A lot or a little?
The parents' guide to what's in this movie.
What parents need to know
Parents need to know that The Rugrats Movie is a 1998 animated comedy based on the hit Nickelodeon kids' cartoon. There are quite a few moments of iffy humor throughout the movie, including scenes of babies peeing rainbows, jokes centered on defecation and flatulence, and a mom who says, "born under Venus, look for a ---- " before she's interrupted. During a musical sequence in a maternity ward, a baby looks down and sings, "that's what that thing looks like." There is also cartoon violence and peril as the kids get lost in the woods after riding their "Reptar" wagon downhill on busy roads, through the woods, off a cliff, and into the water below. The kids must face off against monkeys and wolves. A dog drags one of the kids along in search of the missing kids. A plane crashes. The movie addresses how young kids may feel sad after the birth of a sibling, when they find that they don't have the same relationship with their parents as they once did.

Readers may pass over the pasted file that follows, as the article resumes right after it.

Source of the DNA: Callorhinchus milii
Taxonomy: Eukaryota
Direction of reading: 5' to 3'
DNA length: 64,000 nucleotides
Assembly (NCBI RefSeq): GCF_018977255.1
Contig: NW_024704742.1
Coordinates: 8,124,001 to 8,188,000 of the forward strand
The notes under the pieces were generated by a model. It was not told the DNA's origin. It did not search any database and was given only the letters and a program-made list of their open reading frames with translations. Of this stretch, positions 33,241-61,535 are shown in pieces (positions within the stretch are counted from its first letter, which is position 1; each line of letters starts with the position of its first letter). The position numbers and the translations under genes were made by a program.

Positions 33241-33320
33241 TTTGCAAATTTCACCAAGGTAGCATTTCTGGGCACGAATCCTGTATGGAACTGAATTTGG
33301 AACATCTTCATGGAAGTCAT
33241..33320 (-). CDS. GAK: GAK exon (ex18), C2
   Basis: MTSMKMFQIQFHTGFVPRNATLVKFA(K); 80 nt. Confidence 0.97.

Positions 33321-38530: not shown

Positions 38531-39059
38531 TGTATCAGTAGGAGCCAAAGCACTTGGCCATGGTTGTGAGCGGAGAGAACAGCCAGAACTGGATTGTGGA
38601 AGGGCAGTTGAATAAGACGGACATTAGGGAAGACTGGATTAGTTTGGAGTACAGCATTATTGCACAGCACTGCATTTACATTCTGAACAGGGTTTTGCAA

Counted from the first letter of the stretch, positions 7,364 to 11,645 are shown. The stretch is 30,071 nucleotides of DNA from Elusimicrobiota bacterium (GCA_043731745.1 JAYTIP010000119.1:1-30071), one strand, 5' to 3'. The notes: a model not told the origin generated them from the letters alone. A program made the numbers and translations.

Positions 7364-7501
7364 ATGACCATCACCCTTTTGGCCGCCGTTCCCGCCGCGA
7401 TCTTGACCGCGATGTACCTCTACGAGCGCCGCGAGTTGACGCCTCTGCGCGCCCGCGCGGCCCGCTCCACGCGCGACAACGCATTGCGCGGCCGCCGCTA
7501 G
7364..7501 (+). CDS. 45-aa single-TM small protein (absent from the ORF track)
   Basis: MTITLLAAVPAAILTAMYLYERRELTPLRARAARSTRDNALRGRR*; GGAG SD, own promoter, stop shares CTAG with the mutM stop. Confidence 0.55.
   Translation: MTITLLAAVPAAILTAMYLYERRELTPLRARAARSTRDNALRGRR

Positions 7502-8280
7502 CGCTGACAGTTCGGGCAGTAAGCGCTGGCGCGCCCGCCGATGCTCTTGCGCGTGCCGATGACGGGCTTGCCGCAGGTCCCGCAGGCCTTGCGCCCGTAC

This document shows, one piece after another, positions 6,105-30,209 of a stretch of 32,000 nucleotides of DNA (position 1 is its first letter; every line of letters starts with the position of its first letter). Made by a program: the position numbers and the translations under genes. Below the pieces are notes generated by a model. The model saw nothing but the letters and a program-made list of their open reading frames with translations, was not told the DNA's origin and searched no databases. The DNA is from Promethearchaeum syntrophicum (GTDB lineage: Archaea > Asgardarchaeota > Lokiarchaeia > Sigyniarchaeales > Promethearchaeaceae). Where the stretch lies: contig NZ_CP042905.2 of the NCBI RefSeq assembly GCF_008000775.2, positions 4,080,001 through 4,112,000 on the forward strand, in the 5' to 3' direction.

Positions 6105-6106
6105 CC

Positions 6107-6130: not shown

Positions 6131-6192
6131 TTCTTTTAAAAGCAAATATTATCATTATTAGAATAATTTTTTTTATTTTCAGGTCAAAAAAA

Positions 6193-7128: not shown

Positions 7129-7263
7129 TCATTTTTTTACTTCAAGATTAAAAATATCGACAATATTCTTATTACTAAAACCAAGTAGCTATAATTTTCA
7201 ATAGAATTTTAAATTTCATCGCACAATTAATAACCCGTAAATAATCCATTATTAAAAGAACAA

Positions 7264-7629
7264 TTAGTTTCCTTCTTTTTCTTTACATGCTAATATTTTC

- Parents say
- Kids say
What's the story?
THE RUGRATS MOVIE takes its toddler heroes through two adventures -- getting lost in the woods and having to share parents with a new baby. Frustrated that his new baby brother is getting all the attention, Tommy Pickles devises a scheme to return the infant to the hospital. But things go awry, and Tommy and the rest of the gang find themselves lost in the woods. Will they make it back to the safety of home?
Is it any good?
Fans of the television series will be happily at home with this movie. Kids will like the potty humor, although some may be concerned by the drooling wolf, mischievous monkeys, or the other perils the kids face as they try to find their way back home. Parents may appreciate the use of voice talents like David Spade, Busta Rhymes, and Whoopi Goldberg.
The Rugrats' trademark "kid-cam" use of floor- level perspective provides a few bright moments, and the kids' efforts to understand the world around them are occasionally fresh and funny. The movie is not much more than a long version of the television show, but for many in its targeted audience, that's just fine.
Talk to your kids about ...
Families can talk about Tommy's concerns about his new baby brother, Dylan. How does a new baby change the family dynamic? What's positive about being an older sibling?
Did the violence and peril seem necessary to the movie, or did it seem like it was forced in to make the movie more exciting?
Does this '90s movie still seem relevant, or does it seem dated?
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